There are many other aerobic biological processes for treatment of wastewaters, for example activated sludge, trickling filters, rotating biological contactors and biofilters. They all have in common the use of oxygen (or air) and microbial action to reduce the pollutants in wastewaters.
- Suspension mixed lagoons, where there is less energy provided by the aeration equipment to keep the sludge in suspension.
- Facultative lagoons, where there is insufficient energy provided by the aeration equipment to keep the sludge in suspension and solids settle to the lagoon floor. The biodegradable solids in the settled sludge then degrade as in an anaerobic lagoon.
Suspension mixed lagoons
Suspension mixed lagoons flow through activated sludge systems where the effluent has the same composition as the mixed liquor in the lagoon. Typically the sludge will have a residence time or sludge age of 1 to 5 days. This means that the chemical oxygen demand (COD) removed is relatively little and the effluent is therefore unacceptable for discharge into receiving waters. The objective of the lagoon is therefore to act as a biologically assisted flocculator which converts the soluble biodegradable organics in the influent to a biomass which is able to settle as a sludge. Usually the effluent is then put in a second pond where the sludge can settle. The effluent can then be removed from the top with a low COD, while the sludge accumulates on the floor and undergoes anaerobic stabilisation.
Methods of aerating lagoons or basins
There are many methods for aerating a lagoon or basin:
- Motor-driven submerged or floating jet aerators
- Motor-driven floating surface aerators
- Motor-driven fixed-in-place surface aerators
- Injection of compressed air through submerged diffusers
Floating surface aerators
In a surface-aerated system, the aerators provide two functions: they transfer air into the basins required by the biological oxidation reactions, and they provide the mixing required for dispersing the air and for contacting the reactants (that is, oxygen, wastewater and microbes). Typically, the floating high speed surface aerators are rated to deliver the amount of air equivalent to 1 to 1.2 kg O2/kWh. However, they do not provide as good mixing as is normally achieved in activated sludge systems and therefore aerated basins do not achieve the same performance level as activated sludge units.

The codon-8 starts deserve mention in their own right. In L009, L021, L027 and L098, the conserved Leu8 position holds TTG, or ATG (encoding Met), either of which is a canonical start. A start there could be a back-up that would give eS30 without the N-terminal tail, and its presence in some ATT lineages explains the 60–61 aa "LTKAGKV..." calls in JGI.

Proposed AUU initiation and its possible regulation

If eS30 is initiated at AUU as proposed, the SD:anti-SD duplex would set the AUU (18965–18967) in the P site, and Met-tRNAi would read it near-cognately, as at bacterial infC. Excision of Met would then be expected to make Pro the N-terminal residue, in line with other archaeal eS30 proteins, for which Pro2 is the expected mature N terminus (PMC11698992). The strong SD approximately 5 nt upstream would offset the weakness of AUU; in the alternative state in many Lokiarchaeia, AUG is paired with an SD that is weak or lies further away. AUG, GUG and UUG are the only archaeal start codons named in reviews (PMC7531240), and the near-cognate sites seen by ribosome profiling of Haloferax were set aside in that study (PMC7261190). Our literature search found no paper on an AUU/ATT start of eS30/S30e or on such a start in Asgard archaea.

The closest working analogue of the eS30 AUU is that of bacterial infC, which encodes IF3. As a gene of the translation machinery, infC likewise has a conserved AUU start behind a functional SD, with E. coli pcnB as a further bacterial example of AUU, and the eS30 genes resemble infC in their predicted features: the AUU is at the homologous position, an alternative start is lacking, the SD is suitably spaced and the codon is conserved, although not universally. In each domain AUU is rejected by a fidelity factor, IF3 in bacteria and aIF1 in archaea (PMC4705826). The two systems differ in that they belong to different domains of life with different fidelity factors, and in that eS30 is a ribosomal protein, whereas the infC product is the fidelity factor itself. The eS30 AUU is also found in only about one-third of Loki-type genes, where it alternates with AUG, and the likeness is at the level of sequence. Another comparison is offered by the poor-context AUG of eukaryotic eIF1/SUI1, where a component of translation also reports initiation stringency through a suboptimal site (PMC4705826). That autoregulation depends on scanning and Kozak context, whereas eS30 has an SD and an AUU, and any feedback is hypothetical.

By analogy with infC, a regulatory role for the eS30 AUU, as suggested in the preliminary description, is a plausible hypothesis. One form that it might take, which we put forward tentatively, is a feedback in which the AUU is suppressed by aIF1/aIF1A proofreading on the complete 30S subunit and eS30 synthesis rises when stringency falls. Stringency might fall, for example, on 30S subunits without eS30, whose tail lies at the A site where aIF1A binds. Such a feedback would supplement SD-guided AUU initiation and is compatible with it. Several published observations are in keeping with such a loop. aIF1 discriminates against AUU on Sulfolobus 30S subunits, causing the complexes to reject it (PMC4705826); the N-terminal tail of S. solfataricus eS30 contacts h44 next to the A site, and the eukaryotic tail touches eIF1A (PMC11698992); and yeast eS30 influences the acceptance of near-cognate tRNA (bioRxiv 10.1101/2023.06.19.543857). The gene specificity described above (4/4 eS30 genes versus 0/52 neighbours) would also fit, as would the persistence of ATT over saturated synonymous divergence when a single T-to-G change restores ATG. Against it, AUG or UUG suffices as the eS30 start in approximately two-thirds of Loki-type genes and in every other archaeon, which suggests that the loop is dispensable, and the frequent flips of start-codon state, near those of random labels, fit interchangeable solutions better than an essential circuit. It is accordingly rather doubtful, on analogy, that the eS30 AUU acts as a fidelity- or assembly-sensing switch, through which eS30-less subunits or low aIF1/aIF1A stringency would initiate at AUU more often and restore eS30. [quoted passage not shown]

With low speed surface aerators SOTE (Standard Oxygen Transfer Efficiency) is higher thanks to better mixing capacity. This mixing capacity of an impeller depends highly on the impeller diameter. Low speed surface aerator present such high diameter. Therefore SOTE for low speed surface aerators is about 2 to 2.5 kg O2/kWh. This is why low speed surface aerators are mostly used in sewage or industrial treatment as WWTP are bigger and sparing energy (and money) becomes very interesting.
Biological oxidation processes are sensitive to temperature and, between 0 °C and 40 °C, the rate of biological reactions increase with temperature. Most surface aerated vessels operate at between 4 °C and 32 °C.
Submerged diffused aeration
Submerged diffused air is essentially a form of a diffuser grid inside a lagoon. There are two main types of submerged diffused aeration systems for lagoon applications: floating lateral and submerged lateral. Both these systems utilize fine or medium bubble diffusers to provide aeration and mixing to the process water. The diffusers can be suspended slightly above the lagoon floor or may rest on the bottom. Flexible airline or weighted air hose supplies air to the diffuser unit from the air lateral (either floating or submerged).
- Industrial wastewater treatment
- List of waste water treatment technologies
- Retention basin
- Rotating biological contactor
- Sewage treatment
- Waste stabilization pond
- Water aeration
- Water pollution
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- Beychok, M.R. (1971). "Performance of surface-aerated basins". Chemical Engineering Progress Symposium Series. 67 (107): 322–339. Available at CSA Illumina website Archived 2007-11-14 at the Wayback Machine
- Floating Lateral Systems> Archived July 25, 2011, at the Wayback Machine